Karina Leveque’s family has owned businesses in Squamish for three generations. Her great-grandfather, among the first loggers to brave the forests, was well known for throwing lively barn parties. In line with family tradition, Leveque is the owner and head bartender of The Knotty Burl – one of the best places to experience nightlife in Squamish.
If you want to put on those dancing pants or just do something different, this is the place. “Our prices are a lot cheaper than Vancouver with smaller shows and a smaller venue,” she says.
Born from a genuine desire to meet the after-dark needs of a growing community, Leveque is no stranger to the late-night business, having owned the Ruddy Duck Bar and Grill across the street years prior.
“We don’t just wanna be a nightclub. We want to be a meeting spot,” she says.
Jose and Kevin Cunha, two local artists who own a construction company in town, built the refined downtown space with their bare hands. They previously created floats for Burning Man and Leveque says the designs just “flowed out.” Most of the materials were recycled, including 90 per cent of the wood.
Leveque brings in bands and DJs from all over the world, like Mexico City or Prague. But, dancing isn’t all there is to do.
“It’s not just a party spot. We are really trying to showcase talent and show people something they haven’t seen before,” she says. Once a month, you can catch either comedy or a burlesque show in an intimate setting with candlelit tables.
If you’ve had a long day outdoors, you might just want to kick back with a beer. Then, Backcountry Brewing is the answer. A new locals’ favourite, the tables are communal and the vibe is somewhat rustic. Families are welcome, and the staff is open and engaging.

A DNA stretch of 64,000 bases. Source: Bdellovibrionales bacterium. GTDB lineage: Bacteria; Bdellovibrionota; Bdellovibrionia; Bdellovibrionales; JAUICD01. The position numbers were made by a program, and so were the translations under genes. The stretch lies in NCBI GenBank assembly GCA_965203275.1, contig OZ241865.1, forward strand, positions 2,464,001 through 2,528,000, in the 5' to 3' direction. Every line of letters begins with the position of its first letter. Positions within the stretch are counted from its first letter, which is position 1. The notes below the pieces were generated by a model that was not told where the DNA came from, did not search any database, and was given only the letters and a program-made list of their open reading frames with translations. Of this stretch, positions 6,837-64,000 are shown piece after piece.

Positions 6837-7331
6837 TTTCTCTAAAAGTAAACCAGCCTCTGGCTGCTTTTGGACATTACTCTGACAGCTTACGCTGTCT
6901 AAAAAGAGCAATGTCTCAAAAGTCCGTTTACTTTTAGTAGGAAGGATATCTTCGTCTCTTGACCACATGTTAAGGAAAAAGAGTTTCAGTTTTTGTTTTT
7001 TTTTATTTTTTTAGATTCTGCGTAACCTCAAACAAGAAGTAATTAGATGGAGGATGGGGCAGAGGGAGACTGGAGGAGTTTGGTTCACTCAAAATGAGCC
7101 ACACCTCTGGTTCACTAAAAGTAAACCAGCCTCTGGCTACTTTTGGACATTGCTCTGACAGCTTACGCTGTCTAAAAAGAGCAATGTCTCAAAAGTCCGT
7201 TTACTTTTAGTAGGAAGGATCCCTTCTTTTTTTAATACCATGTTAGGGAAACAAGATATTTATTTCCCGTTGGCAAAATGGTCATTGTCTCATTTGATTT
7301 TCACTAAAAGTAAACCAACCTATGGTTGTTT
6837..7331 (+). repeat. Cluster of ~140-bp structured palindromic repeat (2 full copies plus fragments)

None of their beers are filtered and “all are true to form,” says Marc Roberts, part owner, and craft brew industry veteran. And, if you’re hungry, the pizza is the most popular thing on the menu, highlighting seasonal and often local ingredients.
“It’s not just beer... it’s the atmosphere too,” says Roberts. “You can meet old friends and make some new ones at the same time.”
Roberts was inspired to open this year and saw an up-and-coming craft beer scene in Squamish. There are taps on rotation and the brewery boasts over 30 styles of beers and counting.
Other notable places for a brew include A-Frame Brewing, Howe Sound Brew Pub or The Watershed Grill, a popular hangout for both sweaty construction workers and tired mountain bikers and it has screens for the game. Or there is The Copper Coil Still & Grill downtown, where live music jams on certain nights.
If just having a brew doesn’t satisfy you, shimmy down to the craft cocktail spotlight of Squamish, Gillespie’s Fine Spirits. The sound of the saxophone belting out of a record player will greet you at the door of what looks like a warehouse. It’s not.
The 1920s-inspired room is cozy and dimly lit, with a provocative menu full of one hundred per cent craft cocktails. Sometimes it can echo with the sound of warm conversation and other nights it may be quieter, offering a place to unwind. Everything is made in-house.
“The gin I fell in love with, it’s amazing. I drink it by itself. It’s hard to find a gin you can drink by itself,” says Chris Ward, the only full-time bartender. He says he quit what he thought would be his perfect job to travel the world and bartend.
He is proud to create a new cocktail every week, using fresh ingredients like blackberries from the shrub outside. “We do a wheat-based vodka, gin, raspberry gin, limoncello and aphrodisiac liqueur,” he adds.
There are three stills tucked away behind the sitting room, but only one is in use at a time. All were built by owner John McLellan, says Ward. Because they operate under the B.C. craft license, they only source and sell within the province.
“People want a nice little warm place where they can have a couple cocktails and desserts,” explains Ward. “We’re the only people doing what we do in town.”